The Massachusetts highest court found that an insurer is obliged to compensate the claimants not only for repairs to their vehicles to restore them to pre-collision condition but also for what is known as inherent diminished value (IDV).  IDV damages are included as part of the amounts to which a claimant is legally entitled to collect for property damage.  The general rule for measuring property damage is diminution in market value and includes intangible damage such as diminution in value.  The claimant must be made whole and compensated for what has been lost.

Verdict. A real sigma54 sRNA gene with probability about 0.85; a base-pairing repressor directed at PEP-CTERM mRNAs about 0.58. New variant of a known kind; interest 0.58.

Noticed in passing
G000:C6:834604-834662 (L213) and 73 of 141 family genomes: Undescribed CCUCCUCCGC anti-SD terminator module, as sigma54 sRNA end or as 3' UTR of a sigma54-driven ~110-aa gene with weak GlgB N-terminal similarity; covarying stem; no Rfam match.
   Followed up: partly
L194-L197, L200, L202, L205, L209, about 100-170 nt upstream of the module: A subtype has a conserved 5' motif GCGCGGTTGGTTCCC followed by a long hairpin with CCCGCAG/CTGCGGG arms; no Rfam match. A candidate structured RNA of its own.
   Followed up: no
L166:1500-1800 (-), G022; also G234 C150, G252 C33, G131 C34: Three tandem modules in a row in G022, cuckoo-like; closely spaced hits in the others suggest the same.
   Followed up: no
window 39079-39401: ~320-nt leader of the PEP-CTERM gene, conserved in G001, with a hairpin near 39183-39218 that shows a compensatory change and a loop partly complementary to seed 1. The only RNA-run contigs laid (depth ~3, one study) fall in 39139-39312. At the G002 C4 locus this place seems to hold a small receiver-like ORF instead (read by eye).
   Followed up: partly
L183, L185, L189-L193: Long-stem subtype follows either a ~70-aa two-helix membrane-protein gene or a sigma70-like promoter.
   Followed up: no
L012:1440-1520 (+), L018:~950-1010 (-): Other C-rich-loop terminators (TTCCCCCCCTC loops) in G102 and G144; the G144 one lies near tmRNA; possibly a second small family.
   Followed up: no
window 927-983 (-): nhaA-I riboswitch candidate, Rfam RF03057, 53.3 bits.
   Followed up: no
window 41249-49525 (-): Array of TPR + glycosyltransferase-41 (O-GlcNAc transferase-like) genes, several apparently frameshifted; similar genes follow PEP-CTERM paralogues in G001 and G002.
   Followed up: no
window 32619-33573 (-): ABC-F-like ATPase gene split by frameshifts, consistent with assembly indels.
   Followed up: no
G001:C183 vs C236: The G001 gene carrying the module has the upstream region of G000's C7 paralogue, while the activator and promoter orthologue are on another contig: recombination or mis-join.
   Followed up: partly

This does not suggest that every vehicle that is involved in a collision and is subsequently repaired has suffered IDV.  Individual proof is required to demonstrate that a given automobile has sustained some form of diminution in value due to a collision even after repairs are made.  The plaintiff must establish (i) that the vehicle has suffered IDV damages and (ii) the amount of the IDV damages.

The position is the same in the South African law of damages and, equally, in insurance law depending on the policy wording.

[McGilloway and Others v Safety Insurance Co case number SJC-13053 Supreme Judicial Court for the Commonwealth of Massachusetts]